We know that Color The Void is great at the art of soundscaping. Both Second Guess and the more recent single, Time, display their skills in this area perfectly. And soundscaping is an art in its own right, one that goes above and beyond mere songwriting. If I can turn to my oft-used analogy of the artist’s canvas, songwriting might be seen as the technique of adding lines and colour to the blank space to create a recognisable and enjoyable image. Soundscaping is much more. It is the art of filling that space with all manner of shifting hues and blended colours, deft lines and delicate washes. It is also the art of making these tones and textures, on their own light and unassuming, add up to more than the sum of their parts.

And it is this balance of excess and understatement, this layering of gossamer sweeps into thunderous sonics, which the band is so good at. No, make that so great at.

We have heard the band make such cinematic statements before but here we hear them sonically brooding whilst they do so, and Ohio is a startling blend of this filmic sparkle and a darker, more reflective undercurrent. By the time we get to the first chorus when the guitars are really building billowing and bombastic sonic waves, they have really established a glorious soundtrack.

Sure, there are individual riffs and identifiable melodies to be found here, but to concentrate on those too closely would be like examining the individual lines and layers which make up a Turner painting rather than allowing yourself to be immersed in its wide-screen majesty. (See, painting analogies…they work a treat.) Like his wild and wonderful scenes, it is the expressive sonics, the imaginative musical landscapes and turbulent and tumbling sounds which are the heart of the music, something to be appreciated at a distance, holistically and in their entirety rather than picked apart at close quarters.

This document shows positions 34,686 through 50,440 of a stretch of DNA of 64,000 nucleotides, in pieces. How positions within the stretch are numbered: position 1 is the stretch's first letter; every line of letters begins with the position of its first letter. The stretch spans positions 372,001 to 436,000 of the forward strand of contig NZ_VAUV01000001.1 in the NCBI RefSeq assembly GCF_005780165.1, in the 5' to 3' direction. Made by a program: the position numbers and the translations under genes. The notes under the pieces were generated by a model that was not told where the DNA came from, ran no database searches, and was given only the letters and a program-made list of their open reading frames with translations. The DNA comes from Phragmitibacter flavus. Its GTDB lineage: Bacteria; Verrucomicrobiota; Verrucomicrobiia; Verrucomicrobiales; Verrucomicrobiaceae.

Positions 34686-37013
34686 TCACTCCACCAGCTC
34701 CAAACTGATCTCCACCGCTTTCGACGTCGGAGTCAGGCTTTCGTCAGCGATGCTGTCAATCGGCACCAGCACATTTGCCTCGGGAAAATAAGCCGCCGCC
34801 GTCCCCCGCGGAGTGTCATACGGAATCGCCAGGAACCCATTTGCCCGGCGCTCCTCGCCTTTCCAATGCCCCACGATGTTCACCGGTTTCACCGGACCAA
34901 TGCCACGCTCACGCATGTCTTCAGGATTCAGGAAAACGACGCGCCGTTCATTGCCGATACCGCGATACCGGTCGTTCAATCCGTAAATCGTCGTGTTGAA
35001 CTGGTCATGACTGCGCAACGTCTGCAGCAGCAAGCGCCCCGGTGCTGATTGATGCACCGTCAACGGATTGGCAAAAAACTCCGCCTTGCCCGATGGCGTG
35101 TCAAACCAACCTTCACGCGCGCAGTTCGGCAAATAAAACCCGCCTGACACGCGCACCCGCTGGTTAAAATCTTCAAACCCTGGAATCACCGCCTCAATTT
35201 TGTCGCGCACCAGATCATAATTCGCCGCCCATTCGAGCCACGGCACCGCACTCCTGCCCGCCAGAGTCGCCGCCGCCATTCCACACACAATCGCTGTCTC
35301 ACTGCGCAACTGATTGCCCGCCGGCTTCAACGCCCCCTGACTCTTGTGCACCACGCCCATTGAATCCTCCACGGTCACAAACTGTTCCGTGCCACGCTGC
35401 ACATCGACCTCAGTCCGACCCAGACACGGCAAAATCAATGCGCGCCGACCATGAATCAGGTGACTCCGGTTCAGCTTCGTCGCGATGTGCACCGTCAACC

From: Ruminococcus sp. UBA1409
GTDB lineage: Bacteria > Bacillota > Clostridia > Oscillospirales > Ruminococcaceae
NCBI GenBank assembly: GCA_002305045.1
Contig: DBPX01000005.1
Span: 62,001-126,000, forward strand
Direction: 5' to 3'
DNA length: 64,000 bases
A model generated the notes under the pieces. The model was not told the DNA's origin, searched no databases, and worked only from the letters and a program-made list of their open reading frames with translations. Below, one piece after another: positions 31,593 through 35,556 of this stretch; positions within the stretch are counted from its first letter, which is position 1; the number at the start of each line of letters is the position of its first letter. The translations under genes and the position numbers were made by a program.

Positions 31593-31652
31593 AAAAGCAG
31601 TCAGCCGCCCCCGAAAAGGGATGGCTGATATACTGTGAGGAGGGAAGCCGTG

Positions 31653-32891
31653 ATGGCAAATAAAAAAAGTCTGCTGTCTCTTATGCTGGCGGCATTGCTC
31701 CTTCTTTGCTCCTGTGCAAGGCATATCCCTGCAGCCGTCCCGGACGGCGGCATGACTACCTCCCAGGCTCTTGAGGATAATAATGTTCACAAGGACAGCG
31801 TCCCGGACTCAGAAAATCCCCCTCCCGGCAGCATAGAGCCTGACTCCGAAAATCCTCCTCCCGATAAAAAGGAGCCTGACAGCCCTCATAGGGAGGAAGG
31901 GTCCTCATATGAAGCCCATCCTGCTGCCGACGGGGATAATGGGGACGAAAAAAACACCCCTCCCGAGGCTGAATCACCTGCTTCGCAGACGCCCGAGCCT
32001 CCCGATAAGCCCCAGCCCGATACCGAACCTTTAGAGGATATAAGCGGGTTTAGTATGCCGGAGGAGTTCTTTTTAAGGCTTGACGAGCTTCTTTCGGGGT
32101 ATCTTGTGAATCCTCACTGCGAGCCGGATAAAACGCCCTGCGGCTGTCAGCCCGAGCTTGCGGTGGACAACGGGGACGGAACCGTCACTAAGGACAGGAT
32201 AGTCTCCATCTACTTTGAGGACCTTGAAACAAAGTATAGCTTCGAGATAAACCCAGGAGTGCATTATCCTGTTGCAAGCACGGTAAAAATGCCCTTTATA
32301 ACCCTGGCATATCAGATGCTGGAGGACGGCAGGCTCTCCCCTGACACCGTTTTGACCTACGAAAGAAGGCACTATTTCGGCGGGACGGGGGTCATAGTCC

And like everything that has gone before, Ohio takes its time to work its magic. Quick hits and saccharine sonics might be good enough for the mainstream but this is something apart, something altogether different. Something purposefully slow and marvellously majestic. I’m not saying that there aren’t more discerning pockets of people to be found in the mainstream sector that won’t love what Color The Void does. I’m not saying that it is better than most of the music found in those quarters. Actually, I am saying that it is better than most of the music found in those quarters. Sure, all music opinion is subjective, but if you are reading this then you have sort of asked my opinion. And my opinion is that Ohio is better than most music found in the mainstream. There I said it!

It’s a song that is still building when other songs are already giving away the musical punchline or play-off. A song that is confident enough to move with considered pace knowing that it has the chops to carry the listener along with it. It is a song that is unconcerned whether it is living up to the listener’s expectations, it’s probably more concerned with whether the listener is living up to its expectations. Arrogant? Perhaps. But if it is, it is an arrogance borne in the knowledge that what it is delivering is something unique, special, game-raising…if not game-changing, that is leaving the competition behind and doing so with ease.

I have written about three tracks from Color The Void now, and each easily sets new benchmarks as it goes. And if a band can do that across three releases, imagine what they might be doing by the time they hit double figures. I, for one, can’t wait.

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